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By Che Odom
April 21 — Fewer and fewer U.S. companies are going public, while new exempt offerings created to encourage investment in small, growing businesses are gaining ground.
According to a recent projection of initial public offerings by Bloomberg Law Corporate Transactions, there may be only 88 completed IPOs this year, down from 213 in 2015 and 291 in 2014.
A contributing factor for the IPO freefall may be that smaller companies are opting for less risky capital raising under Regulation A Plus, attorneys involved in corporate capital formation told Bloomberg BNA.
Reg A Plus, which the Securities and Exchange Commission finalized last year, allows companies to raise up to $50 million in a 12-month period without registration under the 1933 Securities Act (58 SLD, 3/26/15).
Among other advantages, the new requirements—similar to IPOs—allow companies to offer shares to the general public and not just to accredited investors. Fees for the exempt securities also are much lower compared to traditional IPOs, and their ongoing disclosure requirements much less burdensome.
These factors are pushing smaller companies away from IPOs, Thomas G. Voekler, corporate attorney and managing partner of Richmond, Va.-based Kaplan Voekler Cunningham & Frank PLC, told Bloomberg BNA.
“The reforms to Reg A have allowed for a larger offering amount that allows for the costs associated with this type of offering to make sense,” Voekler said.
Small to mid-sized companies have been unable to access the capital markets other than through private placements because their lending relationships have been stretched to the limit and banks have had to deal with additional regulatory burdens, Voekler said.
Arizona carmaker Elio Motors Inc., Richmond-based real estate investment and management firm Allegiancy LLC and Washington, D.C.,'s FundRise LLC, a real estate crowdfunding platform, are among the companies to raise money through Reg A Plus.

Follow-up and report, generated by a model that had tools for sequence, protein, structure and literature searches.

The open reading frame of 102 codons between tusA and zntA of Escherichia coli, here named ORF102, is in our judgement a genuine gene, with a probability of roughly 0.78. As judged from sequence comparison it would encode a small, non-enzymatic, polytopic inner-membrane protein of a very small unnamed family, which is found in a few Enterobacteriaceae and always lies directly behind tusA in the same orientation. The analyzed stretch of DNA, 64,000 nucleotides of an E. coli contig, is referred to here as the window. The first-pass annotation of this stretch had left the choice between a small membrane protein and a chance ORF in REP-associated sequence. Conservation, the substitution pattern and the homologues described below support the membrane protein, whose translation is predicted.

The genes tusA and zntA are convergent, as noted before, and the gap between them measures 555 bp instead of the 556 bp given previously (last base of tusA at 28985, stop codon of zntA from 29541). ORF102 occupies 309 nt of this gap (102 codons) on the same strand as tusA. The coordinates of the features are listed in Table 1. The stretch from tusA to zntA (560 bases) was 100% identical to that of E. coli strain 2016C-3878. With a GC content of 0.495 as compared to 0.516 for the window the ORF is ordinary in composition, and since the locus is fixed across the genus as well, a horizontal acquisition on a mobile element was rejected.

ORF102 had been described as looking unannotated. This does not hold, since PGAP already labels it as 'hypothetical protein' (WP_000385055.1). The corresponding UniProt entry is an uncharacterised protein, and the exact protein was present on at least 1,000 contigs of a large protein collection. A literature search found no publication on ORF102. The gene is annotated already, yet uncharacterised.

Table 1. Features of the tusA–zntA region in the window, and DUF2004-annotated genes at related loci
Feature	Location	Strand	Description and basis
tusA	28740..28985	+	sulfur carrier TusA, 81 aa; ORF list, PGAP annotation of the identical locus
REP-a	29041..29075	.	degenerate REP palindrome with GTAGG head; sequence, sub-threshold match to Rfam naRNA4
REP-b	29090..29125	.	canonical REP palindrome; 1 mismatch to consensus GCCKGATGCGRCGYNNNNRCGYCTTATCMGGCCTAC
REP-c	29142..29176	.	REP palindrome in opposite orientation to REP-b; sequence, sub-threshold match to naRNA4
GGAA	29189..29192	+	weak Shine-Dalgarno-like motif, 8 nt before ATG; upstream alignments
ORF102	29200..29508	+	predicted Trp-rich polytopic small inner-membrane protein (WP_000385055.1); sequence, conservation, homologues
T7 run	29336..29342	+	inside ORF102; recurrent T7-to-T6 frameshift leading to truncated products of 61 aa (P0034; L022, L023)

However, the popularity of the new fund-raising method is hard to gauge, attorneys said.
“We have been tracking these companies, but until we get a chance to look through their periodic filings we will not be able to get an actual feeling of the velocity of fund raising,” Voekler, who counsels companies on Reg A Plus offerings, said.
Another attorney who works in the field of financing told Bloomberg BNA that it may be too early in the life of Reg A Plus to tell how popular it is. For one, companies utilizing the fund-raising method can delay making disclosures to the SEC, said the attorney, who asked for anonymity to avoid having her comments connected with any clients.
The SEC finalized Reg A Plus in March 2015 under a directive in the Jumpstart Our Business Startups Act of 2012.
The new regulation expands the threshold for the exempt offerings to $50 million from $5 million, and allows companies to solicit interest from investors prior to making any SEC filings.
It also creates two tiers of offerings. The first tier includes offerings up to $20 million per year with no more than $6 million offered by affiliates of the issuer. Tier 2 includes offerings up to $50 million over the course of a year with no more than $15 million from affiliates.
These and other changes make Reg A Plus a more appealing option for small companies, Voekler said.
Long gone are the days of $25 million to $200 million IPOs, as most companies won't consider that route unless they want to raise well over that amount, Voekler said. The large majority of companies are not looking for that much capitalization, he added.
Small to mid-sized companies, “the backbone of our economy,” can't access “the Wall Street IPOs,” he said.
The mini-IPOs under Reg A Plus are backed by smaller regional investment banks, making them a “Main Street” offering, Voekler continued. “At the smaller size, you will see much less institutional investing and have actual mom and pops able to invest directly into companies.”
Meanwhile, the IPO numbers continue to shrink. A total of 13 IPOs priced in the first three months of this year, which is the lowest number of IPOs completed in the first quarter of a year since 2009, down 69.05 percent from the first quarter of 2015, according to a Bloomberg Law analysis.
The dollar value of total IPOs priced in the first quarter of 2016 was $1.42 billion, a 81.24 percent decrease from the $7.6 billion in the first quarter of 2015 and a 87.83 percent drop from $11.7 billion in the same period of 2014.
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